Georgia Southern University

Alumna Tamra Lamb Named a Georgia Science Teacher of Promise

Alumna Tamra Lamb (’14,’16) works with students at Mattie Lively Elementary School in Statesboro.

The Georgia Science Teachers Association (GSTA) selected Georgia Southern alumna Tamra Lamb (‘14,’16) as its 2017 Georgia Science Teacher of Promise at the elementary school level.

Lamb, a fifth-grade science and math teacher at Mattie Lively Elementary School (MLES) in Statesboro, was honored by GSTA at a special awards banquet on Feb. 3, at the Atlanta Evergreen Conference Resort as part of the annual GSTA Science Conference.

“Tamra Lamb is a magnificent educator whom I feel blessed to work with,” said Carolyn Vasilatos, Ed.D., principal of MLES. “Her passion for science is unparalleled. She’s only been teaching three years, and joined our faculty in July.” Lamb previously served the district for two years at Langston Chapel Elementary School.

A Double Eagle alumna, Lamb received both her bachelor’s and master’s degrees in early childhood education from Georgia Southern, where she made an equally strong impression on the faculty. She was nominated for the Georgia Science Teacher of Promise Award by one of her former professors, Katie Brkich, Ph.D., in the University’s Teaching and Learning Department.

“I have worked with many pre-service and in-service teachers in my six years at Georgia Southern University, but none whom I am as proud to have worked with as Tamra,” Brkich said in her letter of recommendation to GSTA. Brkich further wrote, “Tamra moved to a fifth-grade math and science position this year at Mattie Lively Elementary. She has thrived! She has not only transformed the way her students see and feel about science, but also how the other fifth-grade teachers on her team teach science.”

Lamb and other nominees had to complete an application process which included essay responses about how they would improve science education in their schools and school system, details about recent science lessons, and description of unique or creative lessons they have developed based on Georgia’s science standards. Nominees also had to submit three letters of recommendation. Applications were evaluated by a panel of judges using a rubric.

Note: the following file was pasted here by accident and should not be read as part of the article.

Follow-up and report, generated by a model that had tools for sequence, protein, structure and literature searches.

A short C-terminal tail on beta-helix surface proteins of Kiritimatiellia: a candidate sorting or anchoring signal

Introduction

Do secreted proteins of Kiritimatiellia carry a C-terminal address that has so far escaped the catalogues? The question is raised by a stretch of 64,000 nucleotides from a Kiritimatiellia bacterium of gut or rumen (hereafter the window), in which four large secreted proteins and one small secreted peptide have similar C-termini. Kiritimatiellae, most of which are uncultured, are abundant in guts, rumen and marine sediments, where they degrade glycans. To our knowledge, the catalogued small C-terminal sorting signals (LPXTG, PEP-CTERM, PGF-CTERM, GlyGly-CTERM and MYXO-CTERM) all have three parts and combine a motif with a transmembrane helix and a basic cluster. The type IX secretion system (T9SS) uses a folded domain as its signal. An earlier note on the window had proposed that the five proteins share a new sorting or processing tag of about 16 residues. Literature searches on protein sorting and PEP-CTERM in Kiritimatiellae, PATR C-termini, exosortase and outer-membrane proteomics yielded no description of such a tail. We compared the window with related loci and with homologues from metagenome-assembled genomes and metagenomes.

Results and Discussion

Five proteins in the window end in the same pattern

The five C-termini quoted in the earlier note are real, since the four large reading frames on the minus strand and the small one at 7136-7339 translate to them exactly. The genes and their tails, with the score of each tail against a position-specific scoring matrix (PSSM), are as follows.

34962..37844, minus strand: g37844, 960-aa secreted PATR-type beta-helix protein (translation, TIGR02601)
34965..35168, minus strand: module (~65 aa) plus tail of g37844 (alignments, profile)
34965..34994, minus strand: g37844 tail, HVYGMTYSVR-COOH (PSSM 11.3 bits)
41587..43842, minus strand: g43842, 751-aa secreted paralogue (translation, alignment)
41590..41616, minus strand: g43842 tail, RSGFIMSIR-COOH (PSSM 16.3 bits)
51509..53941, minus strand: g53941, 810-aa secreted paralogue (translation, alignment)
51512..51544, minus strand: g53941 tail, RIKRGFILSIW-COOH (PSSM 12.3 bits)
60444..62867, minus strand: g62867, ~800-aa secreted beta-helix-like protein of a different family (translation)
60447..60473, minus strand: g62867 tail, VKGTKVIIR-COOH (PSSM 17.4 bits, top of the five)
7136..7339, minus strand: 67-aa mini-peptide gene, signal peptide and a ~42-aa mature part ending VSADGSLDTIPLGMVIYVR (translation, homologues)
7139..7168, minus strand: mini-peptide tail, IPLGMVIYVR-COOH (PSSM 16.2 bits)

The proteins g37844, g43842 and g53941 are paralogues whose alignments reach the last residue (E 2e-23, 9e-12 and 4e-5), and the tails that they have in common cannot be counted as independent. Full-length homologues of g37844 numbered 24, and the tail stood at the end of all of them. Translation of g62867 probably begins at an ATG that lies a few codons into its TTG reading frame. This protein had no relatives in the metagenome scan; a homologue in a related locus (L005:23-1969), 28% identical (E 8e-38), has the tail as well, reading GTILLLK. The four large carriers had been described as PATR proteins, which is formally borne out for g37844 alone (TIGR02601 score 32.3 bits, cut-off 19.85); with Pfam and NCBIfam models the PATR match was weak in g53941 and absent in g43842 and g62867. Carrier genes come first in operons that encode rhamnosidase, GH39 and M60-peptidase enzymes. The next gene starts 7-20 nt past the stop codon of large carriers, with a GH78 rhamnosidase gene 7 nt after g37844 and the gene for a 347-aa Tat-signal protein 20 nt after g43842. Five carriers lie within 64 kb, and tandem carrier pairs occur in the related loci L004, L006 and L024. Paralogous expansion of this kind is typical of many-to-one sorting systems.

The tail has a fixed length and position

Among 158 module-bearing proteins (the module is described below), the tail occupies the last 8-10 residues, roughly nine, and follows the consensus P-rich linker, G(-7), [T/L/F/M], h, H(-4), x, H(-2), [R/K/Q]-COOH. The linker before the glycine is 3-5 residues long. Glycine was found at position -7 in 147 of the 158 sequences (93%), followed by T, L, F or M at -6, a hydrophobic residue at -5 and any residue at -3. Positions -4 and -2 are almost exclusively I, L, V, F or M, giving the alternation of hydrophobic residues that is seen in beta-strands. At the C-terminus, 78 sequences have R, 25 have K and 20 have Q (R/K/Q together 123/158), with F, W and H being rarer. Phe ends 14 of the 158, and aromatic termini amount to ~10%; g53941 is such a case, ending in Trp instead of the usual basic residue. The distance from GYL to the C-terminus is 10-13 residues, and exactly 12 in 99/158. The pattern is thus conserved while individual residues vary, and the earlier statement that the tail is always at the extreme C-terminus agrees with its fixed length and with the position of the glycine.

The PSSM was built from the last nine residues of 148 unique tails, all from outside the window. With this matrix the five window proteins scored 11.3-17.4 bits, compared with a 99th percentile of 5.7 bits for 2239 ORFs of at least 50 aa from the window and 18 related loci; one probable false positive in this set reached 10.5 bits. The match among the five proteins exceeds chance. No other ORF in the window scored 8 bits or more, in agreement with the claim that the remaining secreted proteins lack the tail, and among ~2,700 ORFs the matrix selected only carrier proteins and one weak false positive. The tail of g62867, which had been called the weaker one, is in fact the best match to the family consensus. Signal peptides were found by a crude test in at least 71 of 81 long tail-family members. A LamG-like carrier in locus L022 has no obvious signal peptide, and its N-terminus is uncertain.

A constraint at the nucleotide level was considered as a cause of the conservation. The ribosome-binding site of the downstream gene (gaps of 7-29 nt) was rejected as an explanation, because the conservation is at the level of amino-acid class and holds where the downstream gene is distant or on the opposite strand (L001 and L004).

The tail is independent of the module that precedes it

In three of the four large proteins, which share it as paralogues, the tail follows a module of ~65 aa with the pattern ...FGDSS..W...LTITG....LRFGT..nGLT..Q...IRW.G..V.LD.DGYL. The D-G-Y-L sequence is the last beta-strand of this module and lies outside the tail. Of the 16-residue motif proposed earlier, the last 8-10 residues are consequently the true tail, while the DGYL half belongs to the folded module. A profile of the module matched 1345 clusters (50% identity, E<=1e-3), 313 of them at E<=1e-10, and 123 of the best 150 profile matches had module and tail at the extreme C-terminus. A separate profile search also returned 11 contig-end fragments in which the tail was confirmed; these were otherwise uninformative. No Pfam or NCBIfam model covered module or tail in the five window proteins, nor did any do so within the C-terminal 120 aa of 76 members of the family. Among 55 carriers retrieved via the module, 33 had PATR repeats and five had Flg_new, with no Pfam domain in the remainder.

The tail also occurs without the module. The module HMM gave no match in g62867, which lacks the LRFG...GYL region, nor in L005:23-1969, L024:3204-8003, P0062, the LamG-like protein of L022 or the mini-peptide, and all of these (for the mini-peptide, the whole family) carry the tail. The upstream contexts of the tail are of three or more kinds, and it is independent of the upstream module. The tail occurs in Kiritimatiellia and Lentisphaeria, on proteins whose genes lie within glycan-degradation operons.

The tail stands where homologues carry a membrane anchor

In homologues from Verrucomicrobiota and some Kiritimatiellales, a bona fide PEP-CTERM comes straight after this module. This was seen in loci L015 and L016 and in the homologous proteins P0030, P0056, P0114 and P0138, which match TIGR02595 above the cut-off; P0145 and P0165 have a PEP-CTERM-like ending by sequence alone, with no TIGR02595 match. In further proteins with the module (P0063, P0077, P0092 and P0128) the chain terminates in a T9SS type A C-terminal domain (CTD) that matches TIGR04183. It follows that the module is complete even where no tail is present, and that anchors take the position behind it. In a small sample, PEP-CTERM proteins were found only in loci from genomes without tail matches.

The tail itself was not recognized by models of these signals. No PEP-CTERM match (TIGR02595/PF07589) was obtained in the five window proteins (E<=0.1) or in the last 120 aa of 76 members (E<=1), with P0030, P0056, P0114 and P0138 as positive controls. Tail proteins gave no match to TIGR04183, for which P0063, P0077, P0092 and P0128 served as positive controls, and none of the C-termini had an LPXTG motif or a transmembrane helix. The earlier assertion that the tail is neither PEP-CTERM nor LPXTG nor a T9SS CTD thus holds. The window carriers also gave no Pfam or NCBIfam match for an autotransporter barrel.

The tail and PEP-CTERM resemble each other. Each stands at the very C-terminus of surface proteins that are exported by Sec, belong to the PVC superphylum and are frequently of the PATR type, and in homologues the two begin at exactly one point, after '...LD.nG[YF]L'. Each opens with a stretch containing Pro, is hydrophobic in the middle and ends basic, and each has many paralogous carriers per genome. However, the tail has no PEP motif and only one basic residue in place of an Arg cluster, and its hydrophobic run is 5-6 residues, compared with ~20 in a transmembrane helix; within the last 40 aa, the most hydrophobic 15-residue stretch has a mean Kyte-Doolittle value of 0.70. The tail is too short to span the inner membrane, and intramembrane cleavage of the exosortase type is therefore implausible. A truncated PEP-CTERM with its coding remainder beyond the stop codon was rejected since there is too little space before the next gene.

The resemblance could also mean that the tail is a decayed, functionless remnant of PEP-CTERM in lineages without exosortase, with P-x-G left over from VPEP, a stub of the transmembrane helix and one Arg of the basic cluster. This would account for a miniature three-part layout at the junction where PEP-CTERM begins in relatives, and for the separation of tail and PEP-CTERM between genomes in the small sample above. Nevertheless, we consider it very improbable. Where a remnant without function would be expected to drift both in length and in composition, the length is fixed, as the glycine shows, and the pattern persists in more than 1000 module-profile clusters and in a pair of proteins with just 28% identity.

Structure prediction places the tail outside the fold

The GSTA’s Teacher of Promise awards recognize science teachers with one to three years of experience who demonstrate exceptional promise. The elementary, middle and high school recipients each received a $750 prize. Kia Mills of AR Johnson Health Science and Engineering Magnet School in Richmond County was GSTA’s middle school-level winner, and Elizabeth Downey of Allatoona High School in Cobb County was the high school-level winner.

“Ms. Lamb works tirelessly to have an engaging classroom environment with multiple stations and activities prepared for her students,” said Vasilatos. “She also works very closely with the science educators at Georgia Southern.”

Georgia Southern University, a public Carnegie Doctoral/Research University founded in 1906, offers more than 125 degree programs serving 20,673 students. Through eight colleges, the University offers bachelor’s, master’s and doctoral degree programs built on more than a century of academic achievement. Georgia Southern is recognized for its student-centered and hands-on approach to education. Visit

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